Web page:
Monkeys were trained to fixate on visual targets for apple juice rewards. Visual targets were projected by lasers onto a far screen located ~275 cm from monkeys' eyes. Acoustic clicks were delivered in individual trials that lasted about 4 s. Each trial started with the appearance of a visual target of randomly chosen ocular eccentricity (−20°, −10°, 0°, 10°, 20°). The monkey was trained to fixate on the target with both eyes, i.e., maintain eye position within a small window (1–4° in size) centered on the target's position. After a successful fixation interval varying from 300 to 900 ms, a click was delivered to one of the monkey's ears every 400 ms for six times. The monkey was trained to maintain fixation through the trial. At the end of each successful trial, the monkey was rewarded with two drops of juice. To study the effect of eccentricity on the click-evoked responses, trials with differing eccentricities were combined randomly and delivered in one single block. Each condition consisted of approximately 300 stimulations.
Data acquisition and analysis A master PC running specialized software controlled the experiments and a CED Power 1401 system (Cambridge Electronics Devices, Cambridge, UK) for data acquisition. Experimental conditions were formulated as temporal sequences of instructions to operate devices (start or stop data acquisition, move target position, turn on and off targets, trigger a sound stimulus, etc.). Single-unit responses were amplified and filtered (100–10,000 Hz) and a 2-stage, time-amplitude window discriminator was used to discriminate single spikes by detecting its two peaks (Bak Electronics). The acceptance pulse for action potential that recorded the timing of the second peak was written into a CED event channel with a temporal resolution of 0.01 ms. The amplified extracellular voltage trace was sampled at 20 kHz with 16-bit resolution to allow us accurately measure the waveform of abducens neurons' action potentials so that the latency from click onset to the foot of action potential was determined. Signals of eye movement, target position were sampled at 2 kHz with 16-bit resolution. These signals were stored on a hard disk for offline analyses.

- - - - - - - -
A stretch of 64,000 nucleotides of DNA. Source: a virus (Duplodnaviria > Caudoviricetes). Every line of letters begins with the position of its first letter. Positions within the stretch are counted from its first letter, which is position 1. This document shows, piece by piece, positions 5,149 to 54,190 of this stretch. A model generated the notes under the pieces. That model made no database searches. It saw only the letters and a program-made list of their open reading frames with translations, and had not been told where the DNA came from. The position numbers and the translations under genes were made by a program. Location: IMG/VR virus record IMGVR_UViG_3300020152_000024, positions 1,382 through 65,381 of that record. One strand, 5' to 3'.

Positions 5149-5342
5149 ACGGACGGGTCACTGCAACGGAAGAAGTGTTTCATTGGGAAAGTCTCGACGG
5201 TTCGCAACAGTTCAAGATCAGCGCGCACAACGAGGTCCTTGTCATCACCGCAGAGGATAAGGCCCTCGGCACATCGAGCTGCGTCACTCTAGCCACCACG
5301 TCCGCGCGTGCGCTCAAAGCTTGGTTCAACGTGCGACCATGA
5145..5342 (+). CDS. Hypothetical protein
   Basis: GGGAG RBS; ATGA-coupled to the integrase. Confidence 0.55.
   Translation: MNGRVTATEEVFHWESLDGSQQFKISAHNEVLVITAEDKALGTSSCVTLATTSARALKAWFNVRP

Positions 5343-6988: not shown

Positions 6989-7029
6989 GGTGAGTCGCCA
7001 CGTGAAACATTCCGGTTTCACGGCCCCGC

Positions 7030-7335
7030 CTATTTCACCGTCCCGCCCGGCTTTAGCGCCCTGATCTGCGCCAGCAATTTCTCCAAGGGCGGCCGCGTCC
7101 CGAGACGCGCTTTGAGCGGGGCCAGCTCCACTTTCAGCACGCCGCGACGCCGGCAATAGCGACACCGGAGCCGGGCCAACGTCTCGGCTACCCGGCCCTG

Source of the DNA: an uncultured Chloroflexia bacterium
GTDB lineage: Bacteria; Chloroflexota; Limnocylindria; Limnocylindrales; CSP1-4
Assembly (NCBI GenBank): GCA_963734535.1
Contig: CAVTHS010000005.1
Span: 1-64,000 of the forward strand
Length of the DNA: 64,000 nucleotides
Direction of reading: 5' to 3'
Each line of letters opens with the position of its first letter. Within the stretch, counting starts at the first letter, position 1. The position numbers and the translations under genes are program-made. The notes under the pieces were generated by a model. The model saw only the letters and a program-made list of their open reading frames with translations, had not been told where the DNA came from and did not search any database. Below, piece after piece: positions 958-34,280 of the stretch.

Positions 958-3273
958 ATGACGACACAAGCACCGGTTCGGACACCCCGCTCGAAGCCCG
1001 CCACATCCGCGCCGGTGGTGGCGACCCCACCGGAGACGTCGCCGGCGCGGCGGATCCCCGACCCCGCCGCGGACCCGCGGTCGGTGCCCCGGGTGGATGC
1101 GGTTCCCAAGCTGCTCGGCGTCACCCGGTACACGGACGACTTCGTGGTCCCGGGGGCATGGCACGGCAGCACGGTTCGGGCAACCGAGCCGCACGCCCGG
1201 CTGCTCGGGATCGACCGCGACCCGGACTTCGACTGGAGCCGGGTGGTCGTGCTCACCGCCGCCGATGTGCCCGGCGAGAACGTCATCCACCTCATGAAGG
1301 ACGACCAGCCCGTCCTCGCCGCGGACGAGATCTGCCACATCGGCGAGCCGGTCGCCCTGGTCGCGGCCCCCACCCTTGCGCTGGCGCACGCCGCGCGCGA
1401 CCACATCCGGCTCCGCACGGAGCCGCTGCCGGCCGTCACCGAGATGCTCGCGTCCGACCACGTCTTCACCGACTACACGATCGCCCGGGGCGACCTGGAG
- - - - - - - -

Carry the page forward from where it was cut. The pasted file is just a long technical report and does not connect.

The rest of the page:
Eye movement responses were analyzed using Spike2 (Cambridge Electronics Devices, Cambridge, UK). Raw eye position data were filtered and differentiated with a band-pass of DC to 100 Hz to obtain eye velocity data. Trials in which monkeys made a saccade within 50 ms of the onset of the sound stimuli were rejected (approximately 1/3 rejected). Trials in the data stream were sorted, aligned on the click onset, and averaged (~200 trials per condition) to obtain low-noise estimates of eye velocity as a function of time.
Single-unit responses to acoustic clicks were analyzed using Spike2 and SigmaPlot. To measure the latency of click-evoked neuronal responses, we computed the cumulative probability of evoking a spike for each neuron (Broussard and Lisberger 1992; Broussard et al. 1995). We first measured the latency between the click and the foot of the first action potential for 150 stimuli. We then arranged the latencies in ascending order and paired them with an ascending series of probabilities ranging in equal increments from 1/150 to 1.0. To estimate the time course of the probability of firing after clicks, we plotted probability of firing as a function of time (Fig. 1C, stim). To take into account the probability of spontaneous firing, we performed the same analysis on each neuron beginning 30 ms before the click (Fig. 1C, no stim). Linear regression was used to fit a line to the “no stim” data, and the Y value of the line was subtracted from each “stim” value to yield the probability of evoking a spike as a function of time (Fig. 1D). Latency of the click-evoked response was defined as the onset of the abrupt increase in firing probability (Fig. 1D, arrows). This analysis of latency yields much better temporal resolution because the precise latency of each spike is preserved.
Click-evoked contralateral response was studied in 107 abducens neurons in two monkeys. Among the 107 neurons, the ipsilateral response was studied in 44 neurons. All the contralateral responses were excitatory. The ipsilateral responses, however, were excitatory in 40 neurons and inhibitory in the other four neurons.